Two Montgomery County men were killed and a boy was critically injured when their twin-engine private plane crashed in a field yesterday evening as it was attempting to land at the Montgomery County Airpark in Gaithersburg, authorities reported.

Investigators said the plane crashed about 6:45 p.m. several hundred yards from the airport runway after one engine appeared to malfunction while the plane was approaching the airport at an altitude of about 800 feet.

One of the victims was identified as Henry J. Zuranski, 62, of the 7200 block of Connecticut Avenue, Chevy Chase. Police said he was the pilot of the plane, a Piper Apache.

The other victim was identified as his nephew, Christopher A. Zuranski, 19, of 8737 Sleepy Hollow La., Potomac. A neighbor said he was a student at Towson State University.

The boy, identified as Mark D. Zuranski, 8, also of the Sleepy Hollow Lane address, was taken by Maryland State Police helicopter to Children's Hospital in Washington. He was listed in critical condition last night.

County police said Mark and Christopher Zuranski were brothers.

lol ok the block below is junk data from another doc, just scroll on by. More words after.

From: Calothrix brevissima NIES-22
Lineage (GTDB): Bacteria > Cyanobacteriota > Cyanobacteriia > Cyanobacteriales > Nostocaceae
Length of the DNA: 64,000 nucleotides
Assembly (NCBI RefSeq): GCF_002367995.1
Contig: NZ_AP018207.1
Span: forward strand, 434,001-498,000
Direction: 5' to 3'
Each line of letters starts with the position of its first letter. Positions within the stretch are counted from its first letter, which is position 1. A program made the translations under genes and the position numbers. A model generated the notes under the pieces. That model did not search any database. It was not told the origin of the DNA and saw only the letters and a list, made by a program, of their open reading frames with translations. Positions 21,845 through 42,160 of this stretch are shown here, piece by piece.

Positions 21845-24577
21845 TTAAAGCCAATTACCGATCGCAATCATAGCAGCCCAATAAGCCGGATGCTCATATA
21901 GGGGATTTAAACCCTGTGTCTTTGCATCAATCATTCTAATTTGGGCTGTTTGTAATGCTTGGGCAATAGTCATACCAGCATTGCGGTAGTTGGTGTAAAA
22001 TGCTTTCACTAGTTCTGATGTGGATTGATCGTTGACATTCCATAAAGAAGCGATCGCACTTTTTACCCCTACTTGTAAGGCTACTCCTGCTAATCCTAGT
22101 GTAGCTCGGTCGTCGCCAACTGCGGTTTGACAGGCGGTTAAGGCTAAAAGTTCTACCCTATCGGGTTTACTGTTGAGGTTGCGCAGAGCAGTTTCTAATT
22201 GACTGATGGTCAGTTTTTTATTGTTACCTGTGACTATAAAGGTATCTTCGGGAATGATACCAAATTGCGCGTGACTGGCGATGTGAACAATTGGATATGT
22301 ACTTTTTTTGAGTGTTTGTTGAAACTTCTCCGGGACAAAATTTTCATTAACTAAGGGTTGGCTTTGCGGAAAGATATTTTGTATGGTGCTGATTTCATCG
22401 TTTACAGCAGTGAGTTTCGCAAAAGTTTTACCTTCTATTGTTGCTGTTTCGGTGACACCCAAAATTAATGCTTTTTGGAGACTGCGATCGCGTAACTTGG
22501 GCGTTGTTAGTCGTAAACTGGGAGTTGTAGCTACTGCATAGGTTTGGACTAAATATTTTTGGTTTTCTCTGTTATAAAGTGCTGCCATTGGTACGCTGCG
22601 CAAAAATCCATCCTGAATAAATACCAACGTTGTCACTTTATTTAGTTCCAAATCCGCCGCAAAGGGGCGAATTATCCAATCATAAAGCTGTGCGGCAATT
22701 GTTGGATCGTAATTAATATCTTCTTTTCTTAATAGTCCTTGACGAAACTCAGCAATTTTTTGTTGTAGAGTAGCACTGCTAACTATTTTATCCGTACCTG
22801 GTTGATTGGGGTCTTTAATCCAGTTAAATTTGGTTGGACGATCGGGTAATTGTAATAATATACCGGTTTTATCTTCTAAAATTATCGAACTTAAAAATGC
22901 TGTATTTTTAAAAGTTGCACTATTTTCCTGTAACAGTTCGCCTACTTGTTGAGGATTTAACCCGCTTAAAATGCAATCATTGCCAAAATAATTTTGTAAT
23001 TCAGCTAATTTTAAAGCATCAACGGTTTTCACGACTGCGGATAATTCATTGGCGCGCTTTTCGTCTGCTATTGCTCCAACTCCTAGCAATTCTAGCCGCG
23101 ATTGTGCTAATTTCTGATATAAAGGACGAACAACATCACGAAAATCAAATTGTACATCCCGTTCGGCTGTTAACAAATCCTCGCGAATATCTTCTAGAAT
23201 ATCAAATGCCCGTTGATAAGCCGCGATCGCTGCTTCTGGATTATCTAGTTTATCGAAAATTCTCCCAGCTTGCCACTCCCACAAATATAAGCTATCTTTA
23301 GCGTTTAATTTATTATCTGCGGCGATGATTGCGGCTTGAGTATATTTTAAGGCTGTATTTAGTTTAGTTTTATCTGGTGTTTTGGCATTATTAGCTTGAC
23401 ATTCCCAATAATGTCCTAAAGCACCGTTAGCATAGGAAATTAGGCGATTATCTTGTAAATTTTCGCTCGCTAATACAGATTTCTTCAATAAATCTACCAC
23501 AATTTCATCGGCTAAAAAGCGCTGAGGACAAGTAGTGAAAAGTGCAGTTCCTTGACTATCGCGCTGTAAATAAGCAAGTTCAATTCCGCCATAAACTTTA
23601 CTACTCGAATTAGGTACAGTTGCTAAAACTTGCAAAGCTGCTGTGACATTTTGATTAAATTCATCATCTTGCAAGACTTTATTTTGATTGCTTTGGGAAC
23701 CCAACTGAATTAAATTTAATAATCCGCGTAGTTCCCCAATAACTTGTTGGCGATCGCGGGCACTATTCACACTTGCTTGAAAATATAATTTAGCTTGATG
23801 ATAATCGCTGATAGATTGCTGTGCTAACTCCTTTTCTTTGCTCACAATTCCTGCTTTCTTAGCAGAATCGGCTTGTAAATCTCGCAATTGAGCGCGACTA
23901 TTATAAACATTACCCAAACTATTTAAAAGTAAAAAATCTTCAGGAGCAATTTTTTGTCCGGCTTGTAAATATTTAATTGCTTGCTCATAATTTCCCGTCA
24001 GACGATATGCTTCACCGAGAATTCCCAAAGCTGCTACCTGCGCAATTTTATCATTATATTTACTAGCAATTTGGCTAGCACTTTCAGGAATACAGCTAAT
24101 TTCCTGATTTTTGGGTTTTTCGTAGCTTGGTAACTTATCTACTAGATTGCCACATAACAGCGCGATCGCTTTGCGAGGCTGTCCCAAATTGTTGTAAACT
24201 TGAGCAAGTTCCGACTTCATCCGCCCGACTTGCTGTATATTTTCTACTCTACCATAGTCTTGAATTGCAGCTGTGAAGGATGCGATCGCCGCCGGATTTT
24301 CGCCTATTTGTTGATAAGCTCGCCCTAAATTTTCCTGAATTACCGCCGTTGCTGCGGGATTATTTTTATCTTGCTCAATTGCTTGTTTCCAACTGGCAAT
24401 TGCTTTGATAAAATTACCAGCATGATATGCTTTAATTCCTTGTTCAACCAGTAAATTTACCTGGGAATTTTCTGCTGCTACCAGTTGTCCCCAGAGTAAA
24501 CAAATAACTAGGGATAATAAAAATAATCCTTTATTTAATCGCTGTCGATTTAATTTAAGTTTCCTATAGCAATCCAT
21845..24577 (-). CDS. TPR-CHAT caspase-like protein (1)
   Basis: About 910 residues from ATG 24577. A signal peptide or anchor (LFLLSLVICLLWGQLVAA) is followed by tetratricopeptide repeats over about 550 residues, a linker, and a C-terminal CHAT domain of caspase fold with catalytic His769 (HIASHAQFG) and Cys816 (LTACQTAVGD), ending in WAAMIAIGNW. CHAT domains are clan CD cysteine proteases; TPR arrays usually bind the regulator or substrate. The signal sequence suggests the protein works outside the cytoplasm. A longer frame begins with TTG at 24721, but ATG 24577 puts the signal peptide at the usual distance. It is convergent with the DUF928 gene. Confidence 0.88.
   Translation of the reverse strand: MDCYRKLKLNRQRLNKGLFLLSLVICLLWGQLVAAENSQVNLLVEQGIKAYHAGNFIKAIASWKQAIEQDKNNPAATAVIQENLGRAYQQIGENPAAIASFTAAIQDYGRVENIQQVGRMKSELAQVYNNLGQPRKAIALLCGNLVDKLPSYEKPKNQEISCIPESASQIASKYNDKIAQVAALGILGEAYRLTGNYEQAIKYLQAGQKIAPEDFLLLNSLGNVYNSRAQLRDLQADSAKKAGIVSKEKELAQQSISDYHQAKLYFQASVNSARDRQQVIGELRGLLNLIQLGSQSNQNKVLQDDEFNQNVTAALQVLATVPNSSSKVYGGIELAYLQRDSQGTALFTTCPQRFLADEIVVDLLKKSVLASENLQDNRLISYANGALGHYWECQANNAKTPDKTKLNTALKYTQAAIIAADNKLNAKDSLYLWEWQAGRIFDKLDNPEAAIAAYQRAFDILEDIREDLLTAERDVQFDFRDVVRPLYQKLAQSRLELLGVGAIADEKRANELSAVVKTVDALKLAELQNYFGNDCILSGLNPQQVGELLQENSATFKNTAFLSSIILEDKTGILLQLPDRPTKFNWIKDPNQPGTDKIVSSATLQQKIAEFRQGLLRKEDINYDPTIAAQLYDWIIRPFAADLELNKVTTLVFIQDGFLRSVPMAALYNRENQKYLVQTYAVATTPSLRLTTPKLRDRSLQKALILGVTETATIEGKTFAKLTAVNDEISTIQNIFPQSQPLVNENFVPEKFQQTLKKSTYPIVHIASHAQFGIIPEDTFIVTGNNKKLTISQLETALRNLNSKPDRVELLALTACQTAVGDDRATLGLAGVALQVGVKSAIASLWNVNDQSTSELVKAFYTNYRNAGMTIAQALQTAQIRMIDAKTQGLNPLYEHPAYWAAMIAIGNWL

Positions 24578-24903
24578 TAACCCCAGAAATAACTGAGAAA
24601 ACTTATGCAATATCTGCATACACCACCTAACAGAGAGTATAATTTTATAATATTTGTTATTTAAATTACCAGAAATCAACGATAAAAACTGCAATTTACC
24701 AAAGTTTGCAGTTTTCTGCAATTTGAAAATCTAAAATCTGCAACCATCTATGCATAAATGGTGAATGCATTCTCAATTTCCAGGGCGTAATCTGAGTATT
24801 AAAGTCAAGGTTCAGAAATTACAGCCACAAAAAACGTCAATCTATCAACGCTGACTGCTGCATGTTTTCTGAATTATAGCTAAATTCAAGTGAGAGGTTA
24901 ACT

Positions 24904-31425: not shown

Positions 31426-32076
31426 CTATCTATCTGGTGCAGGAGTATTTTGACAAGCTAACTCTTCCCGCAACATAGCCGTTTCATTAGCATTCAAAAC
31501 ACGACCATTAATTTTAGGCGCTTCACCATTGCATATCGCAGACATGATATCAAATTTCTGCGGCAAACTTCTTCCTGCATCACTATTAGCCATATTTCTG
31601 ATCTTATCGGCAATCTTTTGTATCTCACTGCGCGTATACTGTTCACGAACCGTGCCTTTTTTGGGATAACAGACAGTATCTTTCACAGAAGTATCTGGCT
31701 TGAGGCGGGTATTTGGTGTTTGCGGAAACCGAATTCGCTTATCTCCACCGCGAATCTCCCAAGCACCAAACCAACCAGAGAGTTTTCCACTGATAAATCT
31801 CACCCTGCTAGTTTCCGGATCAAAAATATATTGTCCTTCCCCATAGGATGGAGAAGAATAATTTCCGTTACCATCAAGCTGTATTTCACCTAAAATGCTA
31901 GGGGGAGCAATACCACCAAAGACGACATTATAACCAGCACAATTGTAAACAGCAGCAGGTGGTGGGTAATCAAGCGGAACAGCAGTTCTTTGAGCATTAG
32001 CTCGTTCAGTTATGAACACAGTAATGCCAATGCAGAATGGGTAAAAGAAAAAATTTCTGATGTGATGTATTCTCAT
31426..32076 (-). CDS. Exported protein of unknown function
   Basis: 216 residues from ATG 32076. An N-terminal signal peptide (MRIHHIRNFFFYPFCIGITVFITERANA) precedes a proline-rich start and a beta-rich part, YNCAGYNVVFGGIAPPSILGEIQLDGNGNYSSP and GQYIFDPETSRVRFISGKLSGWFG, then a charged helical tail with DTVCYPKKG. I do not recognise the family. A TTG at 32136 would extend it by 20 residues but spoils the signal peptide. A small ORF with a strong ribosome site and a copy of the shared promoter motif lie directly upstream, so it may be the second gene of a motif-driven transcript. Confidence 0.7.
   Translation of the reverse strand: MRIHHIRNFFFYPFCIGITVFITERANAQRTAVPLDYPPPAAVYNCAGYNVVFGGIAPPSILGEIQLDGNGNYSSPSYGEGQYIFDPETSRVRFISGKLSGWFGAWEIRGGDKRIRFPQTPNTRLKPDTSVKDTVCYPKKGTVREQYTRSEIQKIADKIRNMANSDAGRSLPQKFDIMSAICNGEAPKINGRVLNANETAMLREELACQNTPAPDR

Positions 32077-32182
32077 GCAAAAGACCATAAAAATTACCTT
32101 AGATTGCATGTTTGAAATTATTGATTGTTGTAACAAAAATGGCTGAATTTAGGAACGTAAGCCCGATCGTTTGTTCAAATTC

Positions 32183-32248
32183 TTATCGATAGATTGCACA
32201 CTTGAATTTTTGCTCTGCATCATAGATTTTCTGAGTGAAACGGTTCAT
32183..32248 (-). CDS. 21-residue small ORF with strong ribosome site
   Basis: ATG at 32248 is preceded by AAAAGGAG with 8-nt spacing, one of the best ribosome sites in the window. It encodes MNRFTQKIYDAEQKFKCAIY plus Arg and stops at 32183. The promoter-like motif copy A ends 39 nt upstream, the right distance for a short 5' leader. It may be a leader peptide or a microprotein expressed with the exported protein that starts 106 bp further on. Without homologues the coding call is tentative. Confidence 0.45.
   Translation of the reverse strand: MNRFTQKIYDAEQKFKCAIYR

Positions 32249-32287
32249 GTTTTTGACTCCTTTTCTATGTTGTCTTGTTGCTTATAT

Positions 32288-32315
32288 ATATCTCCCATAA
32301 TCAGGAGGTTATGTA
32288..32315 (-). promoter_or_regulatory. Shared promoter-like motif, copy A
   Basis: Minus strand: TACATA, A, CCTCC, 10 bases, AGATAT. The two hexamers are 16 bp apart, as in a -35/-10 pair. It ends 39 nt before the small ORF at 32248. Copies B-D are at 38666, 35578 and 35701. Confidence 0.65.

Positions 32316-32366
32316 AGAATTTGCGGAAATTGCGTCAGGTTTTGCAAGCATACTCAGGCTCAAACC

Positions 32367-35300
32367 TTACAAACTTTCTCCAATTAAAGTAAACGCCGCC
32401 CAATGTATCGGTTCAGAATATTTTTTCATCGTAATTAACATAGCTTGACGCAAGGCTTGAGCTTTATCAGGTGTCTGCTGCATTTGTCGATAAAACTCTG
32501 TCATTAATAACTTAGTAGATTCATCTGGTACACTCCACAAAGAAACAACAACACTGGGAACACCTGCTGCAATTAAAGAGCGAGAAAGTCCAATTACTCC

All three occupants of the plane were pinned inside after it landed in a grassy field on the west side of the airport runway, near the 8600 block of Snouffers School Road. The airport is located in the northern part of the county, about 20 miles from downtown Washington. County police said that after the reported malfunction, the pilot of the plane tried to correct his course by bearing to the left. However, police said, the plane turned instead to the right and came down in the field.

The nose and right side of the plane apparently struck the ground first. When rescue workers arrived at the scene of the crash, 200 to 300 yards from the road, they found the nose of the plane crumpled. The instrument panel had buckled and part of the right wing appeared torn from the fuselage and bent.

The two men were reportedly in the front seats of the white-painted plane and the boy was strapped in behind them.

No fire was reported.

The cause of the engine malfunction was not immediately known last night.

The crash was under investigation by both the Federal Aviation Administration and the National Transportation Safety Board.

It was not immediately known where the plane was coming from or how long it had been airborne. The FAA said that the plane was flying under visual flight rules, which do not require the filing of a flight plan.